Pillbox

Gramatik's Epigram Review

During his live performances, Gramatik teams up with a guitarist to give his shows a uniquely human feel compared to other electronic/hip-hop acts. (credit: Courtesy of messycupcakes via Flickr) During his live performances, Gramatik teams up with a guitarist to give his shows a uniquely human feel compared to other electronic/hip-hop acts. (credit: Courtesy of messycupcakes via Flickr)

Last week Brooklyn-based producer Gramatik released Epigram, his long awaited follow up to 2014’s The Age of Reason that continues to push his ever-evolving sound. The album covers a wide range of styles over its ten tracks, from driving techno to orchestras sampled from Game of Thrones, but remains grounded in Gramatik’s hip-hop roots, so it sounds focused in its experimentation. Featuring appearances that range from the Wu-Tang rapper Raekwon to the throwback soul-singer Leo Napier, Epigram is a testament to Gramatik’s constant efforts to freshen his sound and remain a creative outsider in the electronic music scene.

Epigram builds off of Gramatik’s change in direction following his last two releases, 2012’s #digitalfreedom and 2014’s The Age of Reason. Merging his heavy use of horn and soul samples over hip-hop beats with thicker synths and an aggressive edge, the two releases were a major departure from the softer sounds of his previous albums and heralded a new Gramatik capable of all-out bass assaults. Epigram sees Gramatik play with the deep bass and pistol-cocking samples of trap on “War of the Currents”and create the kind of driving techno dance rhythms that could keep a warehouse going until 8 a.m. on tracks like “Corporate Demons” or his remix of Laibach’s “Ear Liver!”

These tracks are interesting at first glance, but are ultimately repetitive and lack the soul that causes a song to stick with the listener.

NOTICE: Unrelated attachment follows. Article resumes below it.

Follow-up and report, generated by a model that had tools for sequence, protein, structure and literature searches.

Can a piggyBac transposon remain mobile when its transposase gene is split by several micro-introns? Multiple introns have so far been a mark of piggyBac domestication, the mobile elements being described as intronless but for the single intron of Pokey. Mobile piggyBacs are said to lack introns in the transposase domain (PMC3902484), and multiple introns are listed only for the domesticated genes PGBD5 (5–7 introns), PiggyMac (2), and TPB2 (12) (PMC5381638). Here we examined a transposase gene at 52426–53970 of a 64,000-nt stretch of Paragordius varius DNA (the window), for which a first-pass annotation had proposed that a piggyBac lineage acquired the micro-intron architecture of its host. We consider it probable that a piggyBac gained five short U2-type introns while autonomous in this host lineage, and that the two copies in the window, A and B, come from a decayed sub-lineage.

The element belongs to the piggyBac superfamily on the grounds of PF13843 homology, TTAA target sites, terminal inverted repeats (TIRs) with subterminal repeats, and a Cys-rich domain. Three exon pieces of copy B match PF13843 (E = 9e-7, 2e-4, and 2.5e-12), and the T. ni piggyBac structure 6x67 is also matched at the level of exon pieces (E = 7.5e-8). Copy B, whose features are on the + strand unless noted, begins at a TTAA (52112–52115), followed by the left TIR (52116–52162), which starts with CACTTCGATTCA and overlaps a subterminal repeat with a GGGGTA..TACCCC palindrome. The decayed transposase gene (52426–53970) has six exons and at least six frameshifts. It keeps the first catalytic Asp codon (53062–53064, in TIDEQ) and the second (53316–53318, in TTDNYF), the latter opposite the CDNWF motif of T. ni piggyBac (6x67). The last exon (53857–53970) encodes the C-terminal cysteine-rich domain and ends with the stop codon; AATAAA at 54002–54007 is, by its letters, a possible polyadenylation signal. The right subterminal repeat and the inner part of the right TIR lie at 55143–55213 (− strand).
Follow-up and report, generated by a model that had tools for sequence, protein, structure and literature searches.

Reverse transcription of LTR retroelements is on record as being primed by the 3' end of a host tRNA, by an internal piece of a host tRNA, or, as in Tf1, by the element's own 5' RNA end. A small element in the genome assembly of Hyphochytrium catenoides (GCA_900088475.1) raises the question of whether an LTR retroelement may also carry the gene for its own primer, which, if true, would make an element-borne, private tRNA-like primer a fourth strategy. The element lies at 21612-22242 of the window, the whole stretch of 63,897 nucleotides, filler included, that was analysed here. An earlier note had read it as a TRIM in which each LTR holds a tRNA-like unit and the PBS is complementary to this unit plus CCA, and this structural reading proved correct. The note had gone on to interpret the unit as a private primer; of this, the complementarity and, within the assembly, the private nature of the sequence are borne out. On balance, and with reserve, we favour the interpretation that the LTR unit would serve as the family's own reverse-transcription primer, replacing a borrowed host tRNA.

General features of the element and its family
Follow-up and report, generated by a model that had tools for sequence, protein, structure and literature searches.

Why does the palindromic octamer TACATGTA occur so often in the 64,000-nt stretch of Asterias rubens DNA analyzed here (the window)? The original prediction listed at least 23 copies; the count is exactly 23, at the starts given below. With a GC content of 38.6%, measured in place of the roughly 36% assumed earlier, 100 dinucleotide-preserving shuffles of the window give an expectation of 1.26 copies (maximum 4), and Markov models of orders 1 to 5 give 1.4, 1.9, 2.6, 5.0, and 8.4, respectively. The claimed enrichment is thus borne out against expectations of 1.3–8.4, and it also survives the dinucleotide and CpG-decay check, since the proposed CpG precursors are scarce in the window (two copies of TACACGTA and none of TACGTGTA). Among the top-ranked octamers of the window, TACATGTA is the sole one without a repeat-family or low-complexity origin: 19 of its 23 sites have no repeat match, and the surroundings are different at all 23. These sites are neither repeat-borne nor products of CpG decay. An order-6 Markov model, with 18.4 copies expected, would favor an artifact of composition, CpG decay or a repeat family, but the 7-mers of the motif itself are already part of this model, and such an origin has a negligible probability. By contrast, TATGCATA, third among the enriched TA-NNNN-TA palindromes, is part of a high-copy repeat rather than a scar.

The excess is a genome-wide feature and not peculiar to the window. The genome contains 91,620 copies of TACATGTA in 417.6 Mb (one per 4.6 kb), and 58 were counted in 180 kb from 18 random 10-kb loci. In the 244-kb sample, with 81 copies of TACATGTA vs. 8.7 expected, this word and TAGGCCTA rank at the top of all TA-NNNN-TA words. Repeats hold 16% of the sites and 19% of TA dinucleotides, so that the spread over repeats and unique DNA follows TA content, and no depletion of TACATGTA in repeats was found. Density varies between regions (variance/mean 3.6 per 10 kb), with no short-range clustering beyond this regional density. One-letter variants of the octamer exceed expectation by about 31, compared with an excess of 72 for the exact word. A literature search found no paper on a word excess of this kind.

While the album’s experimental edge indicates that Gramatik isn’t relying on tried-and-true frameworks, his master skills are in hip-hop production. Epigram’s soaring moments are when the soul is given center-stage. “Satoshi Nakamoto” comes roaring after the “Tempus Illusio” intro and features verses from rappers Adrian Lau and ProbCause. References to cryptocurrency and magic mushrooms are fired over a bumping bass beat accented by screaming horn samples, ending with the kind of blistering blues guitar work that’s become a staple of Gramatik’s recent work. “Native Son”, which features verses from Raekwon and vocals from Orlando Napier, tells a story of struggle and survival in the urban ghetto tinged with regret and loss. It’s a downtempo number with jazzy guitar licks and soulful singing from Napier and serves as the album’s centerpiece. “Native Son” is immediately followed by the swinging soul number“Native Son (Prequel),” with Napier bringing a bat-out-of-hell energy and proclaiming that he’ll “go straight to hell laughing” over jazz guitar and a rocking beat. “Prequel” stands as my personal favorite on the album, and its catchy hook will be stuck in your head for days guaranteed.

The Slovenian-born Gramatik is as interesting a personality as you can find in the electronic music scene. He’s a fanatic of all things Nikola Tesla (“War of the Currents” and “Room 3327” are both song titles that are direct references to the inventor) and a vocal supporter of the free exchange of information and ideas. He doesn’t charge a cent for his music and releases all of it for free through partnerships with BitTorrent on his website. His forward-thinking ideals are refreshing for today’s very business-like music business, especially with regards to electronic music. Hopefully future producers develop the same kind of openness that Gramatik and his contemporaries have and we won’t all have to buy a subscription service to listen to music.

Epigram is available for free download on gramatik.net and on streaming platforms such as Spotify and SoundCloud.